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Another day, another rewrite, another disaster

To be fair in this case it was far more than just a rewrite. Still an interesting post mortem.

http://www.baselinemag.com/article2/0,3959,826676,00.asp

Just me (Sir to you)
Tuesday, January 14, 2003

Slightly off of the software topic, but anything that leads to the demise of exit-polling is OK by me.  I find that it discourages people from voting and alters the outcome of what should be a secret process.

cheeto
Tuesday, January 14, 2003

I believe that in some places it's illegal for the media to 'call' the result of an election before the polls have closed, as it's considered influencing the outcome. Sounds sensible to me.

Did you also know that the Fox executive who originally took the decision to call Florida for Bush in the 2000 fiasco was a relative of the Bush clan? (I'll get a reference on that later)

David Clayworth
Tuesday, January 14, 2003

Of course you'll get that reference later because it isn't true.

And the CNN executive who called it for Gore, is that less wrong?

This is too rich...
Tuesday, January 14, 2003

I've worked on analysing exit poll data for the BBC in the UK. You can't publish exit polls until the polls have closed (10pm on election night).

Polls are typically of around three thousamd people, and have a theoretical margin error of about 3%. In practice, they invariably underestimate the Conservative vote, even if you attempt to control for it!

The US spans 4 (5?) timezones so often the votes are counted on the East coast before the polls have closed on the West coast.

Tom Payne
Tuesday, January 14, 2003

"In practice, they invariably underestimate the Conservative vote, even if you attempt to control for it!"

In the 1992 election what the pre-election polls failed to ask voters if they were actually allowed to vote! In order to avoid poll tax a million and a half people had gone off the electoral register. Their voting preferences were still taken into account by pollsters however; as you can imagine not many of them said they were going to vote conservative.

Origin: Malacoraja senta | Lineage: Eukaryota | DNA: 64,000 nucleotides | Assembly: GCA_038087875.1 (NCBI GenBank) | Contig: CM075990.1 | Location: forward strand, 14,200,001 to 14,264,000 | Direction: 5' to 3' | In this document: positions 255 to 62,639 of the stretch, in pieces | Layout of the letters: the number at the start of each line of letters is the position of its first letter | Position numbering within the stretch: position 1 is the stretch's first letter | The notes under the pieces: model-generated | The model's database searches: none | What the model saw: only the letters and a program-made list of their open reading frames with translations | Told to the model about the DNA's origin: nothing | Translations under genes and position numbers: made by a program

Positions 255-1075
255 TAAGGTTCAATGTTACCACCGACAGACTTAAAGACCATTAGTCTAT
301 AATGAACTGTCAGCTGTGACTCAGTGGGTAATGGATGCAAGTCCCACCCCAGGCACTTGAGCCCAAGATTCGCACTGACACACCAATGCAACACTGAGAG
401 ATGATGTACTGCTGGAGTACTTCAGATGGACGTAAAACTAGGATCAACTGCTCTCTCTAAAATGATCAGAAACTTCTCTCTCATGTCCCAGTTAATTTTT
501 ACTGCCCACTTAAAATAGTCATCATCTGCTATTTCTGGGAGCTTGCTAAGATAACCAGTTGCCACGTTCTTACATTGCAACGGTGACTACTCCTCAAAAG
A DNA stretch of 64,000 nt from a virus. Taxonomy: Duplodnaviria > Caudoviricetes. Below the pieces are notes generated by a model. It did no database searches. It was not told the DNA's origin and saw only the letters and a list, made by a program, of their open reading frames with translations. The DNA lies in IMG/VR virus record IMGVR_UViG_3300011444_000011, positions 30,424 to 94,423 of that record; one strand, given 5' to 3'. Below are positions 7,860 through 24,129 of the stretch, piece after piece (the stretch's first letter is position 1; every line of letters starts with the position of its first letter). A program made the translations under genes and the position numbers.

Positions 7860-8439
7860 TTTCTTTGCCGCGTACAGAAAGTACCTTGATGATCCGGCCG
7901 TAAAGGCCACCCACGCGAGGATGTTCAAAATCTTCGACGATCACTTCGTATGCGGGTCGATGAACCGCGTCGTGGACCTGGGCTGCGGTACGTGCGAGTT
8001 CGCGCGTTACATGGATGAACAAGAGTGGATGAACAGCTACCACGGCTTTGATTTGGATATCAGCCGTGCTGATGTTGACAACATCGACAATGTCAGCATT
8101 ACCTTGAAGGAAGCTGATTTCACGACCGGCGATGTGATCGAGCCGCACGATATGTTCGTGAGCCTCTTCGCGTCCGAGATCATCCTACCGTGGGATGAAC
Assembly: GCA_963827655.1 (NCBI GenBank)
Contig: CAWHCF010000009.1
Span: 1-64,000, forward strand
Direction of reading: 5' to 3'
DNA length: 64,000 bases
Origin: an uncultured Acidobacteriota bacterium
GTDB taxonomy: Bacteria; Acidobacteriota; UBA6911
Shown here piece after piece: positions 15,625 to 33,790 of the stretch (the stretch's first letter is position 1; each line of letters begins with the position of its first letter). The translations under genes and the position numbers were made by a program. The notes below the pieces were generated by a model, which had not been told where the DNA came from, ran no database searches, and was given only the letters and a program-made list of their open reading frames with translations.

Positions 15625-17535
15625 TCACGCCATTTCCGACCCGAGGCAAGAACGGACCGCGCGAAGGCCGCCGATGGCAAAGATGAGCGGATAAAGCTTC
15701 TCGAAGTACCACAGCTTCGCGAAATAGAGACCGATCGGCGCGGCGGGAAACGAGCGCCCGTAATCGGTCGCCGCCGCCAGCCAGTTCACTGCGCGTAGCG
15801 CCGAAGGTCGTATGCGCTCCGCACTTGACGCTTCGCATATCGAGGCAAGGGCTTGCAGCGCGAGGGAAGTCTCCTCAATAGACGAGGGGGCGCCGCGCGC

By the way, dio you think there will be a conservative vote to underestimate at the next election :)

Stephen Jones
Tuesday, January 14, 2003

These posts are always interesting to read. As long as it is not my project, I enjoy these reads!

Here is another link.  These stories don’t paint our industry in such a good light..does it?

http://www.idg.net/ic_278286_1794_9-10000.html

In the above, the one on Oxford Health is interesting, since the original system was of course in Pick, which is always deceptive in its simplicity. The attemp was to replace the system in Oracle. (they went back to the old system!).

I personal know of several companies that have Migrated Out of pick systems at great cost and always with cost over runs.

Anyway, the above is a good read…

Albert D. Kallal
Edmonton, Alberta Canada
Kallal@msn.com

Albert D. Kallal
Tuesday, January 14, 2003

Mighty interesting article!

I particularly love this one:

When it launched a $35 million enterprise resource planning (ERP) project way in 1993, FoxMeyer Corp. was a $5 billion drug distributor in Carrollton, Texas.

Now it's bankrupt.

SAP lied repeatedly about R/3's capabilities, and Andersen's inexperienced staff used FoxMeyer as a training camp...

Still, FoxMeyer was jazzed. Then-CIO Robert Brown told Computerworld in 1994, "We are betting our company on this."

The incompetence of it all.  I'm guessing that many of these executives walked away from the mess and took high flying positions elsewhere.  Where do they find 'em?

Nat Ersoz
Tuesday, January 14, 2003

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